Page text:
Java native vulnerabilities, also known as “Java memory corruption vulnerabilities”, are vulnerabilities which exist in the JRE’s native code (C/C++ code). Other than the sandbox-bypassing vulnerabilities in the JRE’s Java code, native vulnerabilities can cause memory corruptions (e.g. buffer overflows) directly, which could lead to code execution.

    Earlier, my colleague Jack Tang talked about the trend of increasing Java native vulnerabilities. What I want to add here is that it is still possible to exploit Java native vulnerabilities, even with the latest exploit mitigation techniques such as DEP and ASLR.

    The vulnerabilities we reported also affect Java version 6, which Oracle already stopped supporting since early this year. This can be a problem, in particular to users who are still using the said version as Oracle will not be providing any security update for them. Thus, it is important for users to migrate to use the latest version of the software the soonest possible.

    Last month, as SyScan 360 in Beijing, I introduced several methods to exploit Java native vulnerabilities even when DEP and ASLR are both turned on. At the end of the presentation, I also demonstrated remote code execution vulnerability on a fully patched Java install on Windows 8, using a native zero-day vulnerability. (To protect our users, I did not publish the details of this security flaw.)

    We urge users to carefully evaluate their usage of Java as necessary and ensure that copies of Java that are used are up-to-date, to reduce exposure to present and future Java flaws.

    Trend Micro Deep Security protects users from the exploits targeting the vulnerabilities cited in this blog via the following rules:

     

    • 1005724 – Oracle JRE JPEG.DLL Heap Buffer Overflow Vulnerability
    • 1005722 – Oracle Java mlib_image!cvtCustomToDefault Array Out Of Bound Read Vulnerability
    • 1005723 – Oracle Java True Type Font Processing Vulnerability

     

    For more information on the other vulnerabilities and corresponding solution, users may also visit Oracle’s page.

     
    Posted in Vulnerabilities | Comments Off



    After the Tunisian Revolution, also called the Jasmine Revolution by many media organizations, in late 2010 or in early 2011, “Jasmine” became a hot word in China.

    Last week, a friend of mine in China received an email message with an .RTF attachment entitled, “My thoughts on the jasmine flower (the language of the document is Chinese).” He had no idea who the sender was. When he opened the document and read its contents, to his surprise, the document’s author tried to persuade him to join a demonstration called the Jasmine Revolution. He was even more surprised when he found out later that his PC was infected with a backdoor program. 

    After checking the .RTF file, I figured out that this sample tries to exploit CVE-2010-3333—an old stack-based buffer overflow vulnerability in Microsoft Word. By crafting a malformed .RTF file, the attacker may execute arbitrary code on a user’s machine. One of my colleagues here in Trend Micro already reported about a malware exploiting this vulnerability late last year. This vulnerability was already patched by Microsoft a month before that through MS10-087.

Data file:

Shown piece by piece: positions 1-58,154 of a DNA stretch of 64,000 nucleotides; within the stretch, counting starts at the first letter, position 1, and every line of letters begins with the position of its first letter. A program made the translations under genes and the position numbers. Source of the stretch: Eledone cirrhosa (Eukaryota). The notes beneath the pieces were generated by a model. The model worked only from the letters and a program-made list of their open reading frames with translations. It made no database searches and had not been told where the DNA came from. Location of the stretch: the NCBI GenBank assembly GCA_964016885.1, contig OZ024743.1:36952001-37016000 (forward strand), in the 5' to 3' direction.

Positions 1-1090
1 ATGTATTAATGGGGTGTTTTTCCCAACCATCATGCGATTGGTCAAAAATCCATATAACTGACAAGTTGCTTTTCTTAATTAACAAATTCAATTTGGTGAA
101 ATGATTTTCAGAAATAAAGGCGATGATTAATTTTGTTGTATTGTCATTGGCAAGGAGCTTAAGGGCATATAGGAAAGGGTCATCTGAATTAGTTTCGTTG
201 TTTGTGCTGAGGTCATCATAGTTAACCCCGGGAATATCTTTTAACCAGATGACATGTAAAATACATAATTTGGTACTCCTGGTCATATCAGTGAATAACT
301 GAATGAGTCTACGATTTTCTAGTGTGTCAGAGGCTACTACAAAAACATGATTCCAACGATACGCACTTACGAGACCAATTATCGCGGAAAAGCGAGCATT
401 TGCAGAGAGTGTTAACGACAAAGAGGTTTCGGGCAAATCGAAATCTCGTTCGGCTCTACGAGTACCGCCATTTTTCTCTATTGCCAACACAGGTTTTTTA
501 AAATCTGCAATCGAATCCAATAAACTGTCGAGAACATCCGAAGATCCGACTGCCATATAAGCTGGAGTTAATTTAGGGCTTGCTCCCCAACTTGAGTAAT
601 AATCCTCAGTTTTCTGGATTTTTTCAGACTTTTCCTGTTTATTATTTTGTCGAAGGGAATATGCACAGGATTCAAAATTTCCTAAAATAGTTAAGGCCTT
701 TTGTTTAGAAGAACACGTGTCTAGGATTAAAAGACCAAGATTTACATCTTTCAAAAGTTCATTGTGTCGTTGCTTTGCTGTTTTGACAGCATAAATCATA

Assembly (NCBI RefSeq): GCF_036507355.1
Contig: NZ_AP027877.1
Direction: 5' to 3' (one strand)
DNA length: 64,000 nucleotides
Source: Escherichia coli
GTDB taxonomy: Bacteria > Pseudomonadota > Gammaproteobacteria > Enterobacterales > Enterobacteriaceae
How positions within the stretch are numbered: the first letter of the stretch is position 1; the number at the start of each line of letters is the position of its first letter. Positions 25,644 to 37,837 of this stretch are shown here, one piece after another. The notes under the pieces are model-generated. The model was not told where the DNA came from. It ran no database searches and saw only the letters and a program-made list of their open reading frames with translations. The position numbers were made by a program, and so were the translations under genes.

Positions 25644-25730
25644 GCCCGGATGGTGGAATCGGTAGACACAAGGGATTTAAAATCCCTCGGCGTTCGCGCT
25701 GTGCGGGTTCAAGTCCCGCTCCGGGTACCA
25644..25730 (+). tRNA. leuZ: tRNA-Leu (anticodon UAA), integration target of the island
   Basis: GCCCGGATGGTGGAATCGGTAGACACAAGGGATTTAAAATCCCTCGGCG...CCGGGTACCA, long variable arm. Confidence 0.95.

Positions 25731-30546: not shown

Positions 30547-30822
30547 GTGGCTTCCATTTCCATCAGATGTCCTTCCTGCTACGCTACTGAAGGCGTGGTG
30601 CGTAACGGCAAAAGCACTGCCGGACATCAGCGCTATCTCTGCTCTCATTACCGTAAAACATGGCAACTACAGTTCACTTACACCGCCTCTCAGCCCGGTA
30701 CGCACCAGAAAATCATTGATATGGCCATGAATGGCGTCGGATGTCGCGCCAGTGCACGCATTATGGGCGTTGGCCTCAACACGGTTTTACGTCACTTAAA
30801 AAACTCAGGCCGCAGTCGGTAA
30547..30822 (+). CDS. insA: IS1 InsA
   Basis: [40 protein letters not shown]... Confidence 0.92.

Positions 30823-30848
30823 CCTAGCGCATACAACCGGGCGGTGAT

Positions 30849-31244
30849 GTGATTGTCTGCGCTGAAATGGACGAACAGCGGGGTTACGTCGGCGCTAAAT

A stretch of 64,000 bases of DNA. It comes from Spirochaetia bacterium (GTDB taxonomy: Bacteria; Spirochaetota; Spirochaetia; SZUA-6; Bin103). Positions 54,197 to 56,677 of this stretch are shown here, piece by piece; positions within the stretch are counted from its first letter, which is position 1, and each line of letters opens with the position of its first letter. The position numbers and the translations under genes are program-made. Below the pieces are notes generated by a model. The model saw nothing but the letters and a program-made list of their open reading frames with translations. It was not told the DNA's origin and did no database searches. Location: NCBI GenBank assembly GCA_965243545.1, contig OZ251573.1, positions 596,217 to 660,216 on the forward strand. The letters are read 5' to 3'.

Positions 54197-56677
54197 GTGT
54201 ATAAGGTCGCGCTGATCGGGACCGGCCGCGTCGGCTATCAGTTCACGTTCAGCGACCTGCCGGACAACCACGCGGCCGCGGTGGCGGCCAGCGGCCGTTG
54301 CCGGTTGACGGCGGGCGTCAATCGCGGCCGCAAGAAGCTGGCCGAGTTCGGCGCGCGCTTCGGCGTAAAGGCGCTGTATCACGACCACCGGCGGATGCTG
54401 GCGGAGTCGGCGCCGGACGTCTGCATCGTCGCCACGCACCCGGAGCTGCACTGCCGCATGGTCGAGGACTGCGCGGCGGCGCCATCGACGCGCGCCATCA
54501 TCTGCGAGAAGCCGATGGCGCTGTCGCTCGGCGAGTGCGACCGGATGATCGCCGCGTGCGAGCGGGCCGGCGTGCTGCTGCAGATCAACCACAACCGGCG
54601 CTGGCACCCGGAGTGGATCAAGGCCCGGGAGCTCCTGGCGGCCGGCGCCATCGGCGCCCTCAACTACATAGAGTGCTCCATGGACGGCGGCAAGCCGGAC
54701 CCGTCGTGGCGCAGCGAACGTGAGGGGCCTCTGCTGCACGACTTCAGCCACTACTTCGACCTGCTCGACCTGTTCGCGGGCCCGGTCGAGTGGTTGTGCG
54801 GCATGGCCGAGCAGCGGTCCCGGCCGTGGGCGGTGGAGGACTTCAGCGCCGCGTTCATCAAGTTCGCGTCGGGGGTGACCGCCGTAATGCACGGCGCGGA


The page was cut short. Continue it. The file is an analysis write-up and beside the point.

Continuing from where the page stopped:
Read the rest of this entry »

     



    Today, more and more exploit developers are using Return-Oriented-Programming (ROP) techniques to bypass the Data Execution Prevention (DEP) feature in recent versions of Windows. In order to successfully launch an attack using ROP, one must know the fixed base address of the targeted module. However, Address Space Layout Randomization (ASLR), another security feature, makes it more difficult for an attacker to predict target addresses by randomly arranging the locations of key data areas.

    There are several methods to bypass ASLR. For example, we have seen the use of just-in-time (JIT) spray attack wherein the JIT compiler of Adobe Flash Player was used to place large amounts of code in a system’s memory. We’ve also seen DLLs that did not have ASLR enabled (such as those associated with Java or .NET) targeting Internet Explorer (IE) 8 vulnerabilities in Windows 7. Information leakage can also give the attacker some useful information about the system’s memory layout, which can be used to bypass ASLR. Today, let’s take a look at a recent proof-of-concept (POC) exploit that uses both information leakage and ROP to bypass DEP+ASLR.

    The original POC has already been published on the Exploit Database and has been used to attack a known vulnerability in Windows. This vulnerability was fixed with the January 2011 Patch Tuesday (see the Microsoft bulletin MS11-002). It was designated as CVE-2011-0027 and was discovered by Peter Vreugdenhil. Together with a separate use-after-free vulnerability, it defeated a fully patched Windows 7 system running IE 8, which allowed Vreugdenhil to win “Pwn2Own 2010.”

    Although the exploit code is not 100% reliable, Vreugdenhil’s idea of using the vulnerability to leak information is still worth looking at.
    Read the rest of this entry »

     



    Several weeks ago, a new Adobe Acrobat/Reader zero-day vulnerability was found and soon exploited in the wild. What’s most interesting about this particular exploit is how it used return-oriented exploitation (ROP) techniques to bypass some of Windows’ security features such as Data Execution Prevention (DEP). In addition, it uses a two-staged shellcode to perform its routine. The first stage uses ROP techniques to load the second stage. The second stage is what actually executes the malicious behavior and is sprayed into memory by JavaScript within the .PDF file itself.

    Threats like these show how vulnerability threats, like malware, are evolving to become more sophisticated. Despite the best attempts of vendors such as Microsoft to incorporate new and emerging technology to make exploitation more difficult, those behind these threats are just as ready to grow and make life more difficult for users.

    Read the rest of this entry »